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How to Save The Handmaid’s Tale from Impending Predictability

Although the show wandered from many of the books messages early on, if the show must go on as its own entity, it will need to expand.

From mombie morality, to gratuitous madness, the focus of the The Handmaid’s Tale on June and (sometimes) the other original characters is not enough to carry the story much further. From an emotional perspective the last several episodes have felt like a Lifetime movie written and directed by Eli Roth, relying on excessive discomfort to carry it along. To save it from becoming softcore torture porn, or another cliche about heroism, new elements need to be introduced.

Surely Gilead has other enemies, inside and out. Exploring that possibility leaves a lot of room to get back to examining more complex issues. Following are a few ideas that could be interesting, but which should serve as hypothetical examples of possibilities, and not necessarily direct suggestions.

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What if some person or persons were to invent a cure for infertility? What if this cure were dispersed in some way without any official sanction? What would happen to Gilead, largely constructed and justified by the infertility crisis, if that crisis were suddenly solved? Would women regain their self-ownership, or would this cause the patriarchs to subjugate them in some new ways?

Then there is the opposite scenario. What if some mad scientist created a final blow to human reproduction, and threatened to unleash it if Gilead and it’s ilk did not disband or bow to some demands? It might be interesting to see a threat to humanity even greater than Gilead, who are driven by the right reasons to unthinkable solutions.

How about some new discovery that allows humans to reproduce asexually, with women’s bodies no longer required to generate offspring? On one hand, this might seem to free women of their burden, and thus subjugation. Or would the patriarchs of Gilead and elsewhere just decide women were expendable, and treat them even worse, or attempt to eradicate them altogether?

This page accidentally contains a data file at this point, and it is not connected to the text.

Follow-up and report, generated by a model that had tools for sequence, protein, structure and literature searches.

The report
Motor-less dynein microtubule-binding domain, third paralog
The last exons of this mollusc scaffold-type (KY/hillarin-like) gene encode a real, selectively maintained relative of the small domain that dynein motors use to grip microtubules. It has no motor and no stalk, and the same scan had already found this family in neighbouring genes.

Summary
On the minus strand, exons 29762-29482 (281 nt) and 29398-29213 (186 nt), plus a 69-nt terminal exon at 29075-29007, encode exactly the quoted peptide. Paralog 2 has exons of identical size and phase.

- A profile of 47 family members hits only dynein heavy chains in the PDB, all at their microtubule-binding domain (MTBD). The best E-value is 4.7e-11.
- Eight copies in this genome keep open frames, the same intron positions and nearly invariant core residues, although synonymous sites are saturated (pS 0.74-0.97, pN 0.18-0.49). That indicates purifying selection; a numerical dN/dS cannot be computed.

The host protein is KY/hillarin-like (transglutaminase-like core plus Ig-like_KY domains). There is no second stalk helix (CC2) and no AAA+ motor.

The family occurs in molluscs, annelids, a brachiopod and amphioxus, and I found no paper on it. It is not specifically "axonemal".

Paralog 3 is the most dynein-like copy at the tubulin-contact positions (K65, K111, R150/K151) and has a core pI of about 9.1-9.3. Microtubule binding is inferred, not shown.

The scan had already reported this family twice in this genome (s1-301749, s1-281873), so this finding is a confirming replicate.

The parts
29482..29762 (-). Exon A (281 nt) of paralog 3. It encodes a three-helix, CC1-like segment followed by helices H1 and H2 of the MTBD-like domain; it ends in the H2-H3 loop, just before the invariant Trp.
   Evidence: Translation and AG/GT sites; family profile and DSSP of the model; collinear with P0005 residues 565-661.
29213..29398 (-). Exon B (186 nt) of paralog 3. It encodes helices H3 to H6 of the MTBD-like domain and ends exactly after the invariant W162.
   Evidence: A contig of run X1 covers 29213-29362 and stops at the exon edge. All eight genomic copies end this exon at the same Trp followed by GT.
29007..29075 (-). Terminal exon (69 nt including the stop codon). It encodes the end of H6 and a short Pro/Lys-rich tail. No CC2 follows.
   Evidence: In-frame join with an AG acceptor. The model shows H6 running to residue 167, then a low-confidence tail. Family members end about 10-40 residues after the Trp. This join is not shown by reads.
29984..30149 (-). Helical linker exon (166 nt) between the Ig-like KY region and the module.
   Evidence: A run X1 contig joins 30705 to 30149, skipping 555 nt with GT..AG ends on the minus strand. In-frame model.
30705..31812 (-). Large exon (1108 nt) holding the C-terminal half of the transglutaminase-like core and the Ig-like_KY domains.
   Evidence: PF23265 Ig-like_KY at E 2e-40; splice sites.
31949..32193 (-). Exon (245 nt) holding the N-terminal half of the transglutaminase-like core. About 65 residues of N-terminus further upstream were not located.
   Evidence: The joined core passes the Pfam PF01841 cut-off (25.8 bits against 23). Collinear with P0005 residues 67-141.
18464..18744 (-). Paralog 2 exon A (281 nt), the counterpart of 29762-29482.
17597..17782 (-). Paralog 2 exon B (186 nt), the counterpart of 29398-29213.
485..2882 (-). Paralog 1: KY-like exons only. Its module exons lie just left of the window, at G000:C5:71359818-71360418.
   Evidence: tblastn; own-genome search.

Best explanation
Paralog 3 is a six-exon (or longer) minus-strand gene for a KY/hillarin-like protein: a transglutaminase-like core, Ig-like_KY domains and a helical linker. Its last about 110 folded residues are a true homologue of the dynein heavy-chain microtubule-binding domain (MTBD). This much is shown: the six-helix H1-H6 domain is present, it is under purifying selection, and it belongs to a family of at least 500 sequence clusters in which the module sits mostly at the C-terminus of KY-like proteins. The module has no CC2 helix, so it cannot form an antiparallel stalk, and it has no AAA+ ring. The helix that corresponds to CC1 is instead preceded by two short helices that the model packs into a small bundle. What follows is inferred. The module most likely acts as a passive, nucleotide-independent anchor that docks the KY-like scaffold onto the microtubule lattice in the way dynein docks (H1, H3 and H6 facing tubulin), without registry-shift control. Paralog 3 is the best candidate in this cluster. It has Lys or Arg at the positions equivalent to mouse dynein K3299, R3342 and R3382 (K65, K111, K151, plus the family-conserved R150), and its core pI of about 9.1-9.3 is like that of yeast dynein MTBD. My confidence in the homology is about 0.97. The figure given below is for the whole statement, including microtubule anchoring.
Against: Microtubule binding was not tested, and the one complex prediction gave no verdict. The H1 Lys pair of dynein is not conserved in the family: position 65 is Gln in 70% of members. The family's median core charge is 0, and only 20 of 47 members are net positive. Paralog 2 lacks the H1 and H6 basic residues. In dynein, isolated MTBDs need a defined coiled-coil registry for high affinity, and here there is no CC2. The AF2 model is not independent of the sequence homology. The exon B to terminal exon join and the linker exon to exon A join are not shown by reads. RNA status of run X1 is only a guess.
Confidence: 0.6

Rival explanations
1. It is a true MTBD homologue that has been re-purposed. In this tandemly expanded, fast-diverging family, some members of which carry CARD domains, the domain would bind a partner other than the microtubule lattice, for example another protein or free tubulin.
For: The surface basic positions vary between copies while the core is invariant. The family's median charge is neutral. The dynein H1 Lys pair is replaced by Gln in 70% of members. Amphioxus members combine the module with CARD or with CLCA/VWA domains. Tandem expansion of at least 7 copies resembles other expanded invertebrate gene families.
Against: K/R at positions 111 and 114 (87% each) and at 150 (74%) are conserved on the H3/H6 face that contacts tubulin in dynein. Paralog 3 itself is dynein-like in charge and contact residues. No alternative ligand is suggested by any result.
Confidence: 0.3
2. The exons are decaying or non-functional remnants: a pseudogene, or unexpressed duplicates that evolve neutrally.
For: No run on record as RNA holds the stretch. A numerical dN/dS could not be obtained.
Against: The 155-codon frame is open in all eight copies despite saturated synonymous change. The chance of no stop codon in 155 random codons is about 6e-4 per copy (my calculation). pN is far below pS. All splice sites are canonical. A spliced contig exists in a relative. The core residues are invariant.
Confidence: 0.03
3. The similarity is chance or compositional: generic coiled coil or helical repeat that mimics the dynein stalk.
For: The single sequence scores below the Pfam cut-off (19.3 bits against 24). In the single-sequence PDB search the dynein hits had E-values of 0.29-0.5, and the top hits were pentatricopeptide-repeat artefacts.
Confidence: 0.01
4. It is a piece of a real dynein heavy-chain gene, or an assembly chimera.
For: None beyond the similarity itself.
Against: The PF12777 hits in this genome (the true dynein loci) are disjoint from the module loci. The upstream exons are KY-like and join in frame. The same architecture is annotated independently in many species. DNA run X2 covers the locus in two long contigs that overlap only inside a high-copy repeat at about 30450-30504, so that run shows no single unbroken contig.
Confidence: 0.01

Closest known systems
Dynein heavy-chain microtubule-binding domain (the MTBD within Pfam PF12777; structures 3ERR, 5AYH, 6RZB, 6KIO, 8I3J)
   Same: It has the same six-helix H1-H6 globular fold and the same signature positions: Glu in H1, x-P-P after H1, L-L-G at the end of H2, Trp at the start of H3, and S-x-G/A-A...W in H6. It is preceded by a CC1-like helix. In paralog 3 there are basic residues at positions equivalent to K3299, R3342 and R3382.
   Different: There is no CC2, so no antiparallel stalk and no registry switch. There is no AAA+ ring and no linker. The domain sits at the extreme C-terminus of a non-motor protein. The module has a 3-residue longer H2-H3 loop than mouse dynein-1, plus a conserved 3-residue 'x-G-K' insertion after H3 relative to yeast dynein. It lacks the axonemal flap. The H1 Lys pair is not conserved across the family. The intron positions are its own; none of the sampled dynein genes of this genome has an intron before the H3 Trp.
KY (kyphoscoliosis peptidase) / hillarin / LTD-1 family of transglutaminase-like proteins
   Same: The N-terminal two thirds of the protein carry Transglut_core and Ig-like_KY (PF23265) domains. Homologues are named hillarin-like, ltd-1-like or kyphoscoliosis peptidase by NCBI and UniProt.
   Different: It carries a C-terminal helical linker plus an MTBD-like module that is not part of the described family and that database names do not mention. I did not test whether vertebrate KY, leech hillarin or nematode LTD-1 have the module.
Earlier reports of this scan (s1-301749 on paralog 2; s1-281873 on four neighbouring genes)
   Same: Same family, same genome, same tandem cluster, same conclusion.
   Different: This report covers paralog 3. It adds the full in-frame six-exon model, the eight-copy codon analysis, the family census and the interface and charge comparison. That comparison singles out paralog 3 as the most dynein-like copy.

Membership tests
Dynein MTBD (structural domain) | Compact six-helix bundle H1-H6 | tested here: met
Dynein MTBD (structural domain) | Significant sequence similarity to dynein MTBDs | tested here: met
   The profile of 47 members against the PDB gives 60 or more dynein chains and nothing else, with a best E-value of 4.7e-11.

Maybe the Yellowstone caldera finally blows, thrusting North America into sudden darkness, death and international irrelevance? Would that be the end of Gilead, or another worldly trial causing new similar dystopias to arise elsewhere?

Not all Christianity is alike. Perhaps some new Gnostic sect rises up, challenging Gilead from within, and restoring Christianity to its pre-Roman, non-patriarchal roots? How might that make things better, and how might it make things worse?

The rise of a powerful artificial intelligence.

First contact with an alien species.

The emergence of new superhuman beings.

At this point, no matter how corny it may sound, just about any new plot development would be better than watching the show nosedive straight into a dead end of predictability. It needs something to expand on the moral and ethical questioning we all tuned in for in the first place, while being fun and exciting to watch, without becoming the Saw franchise for women’s studies groups.

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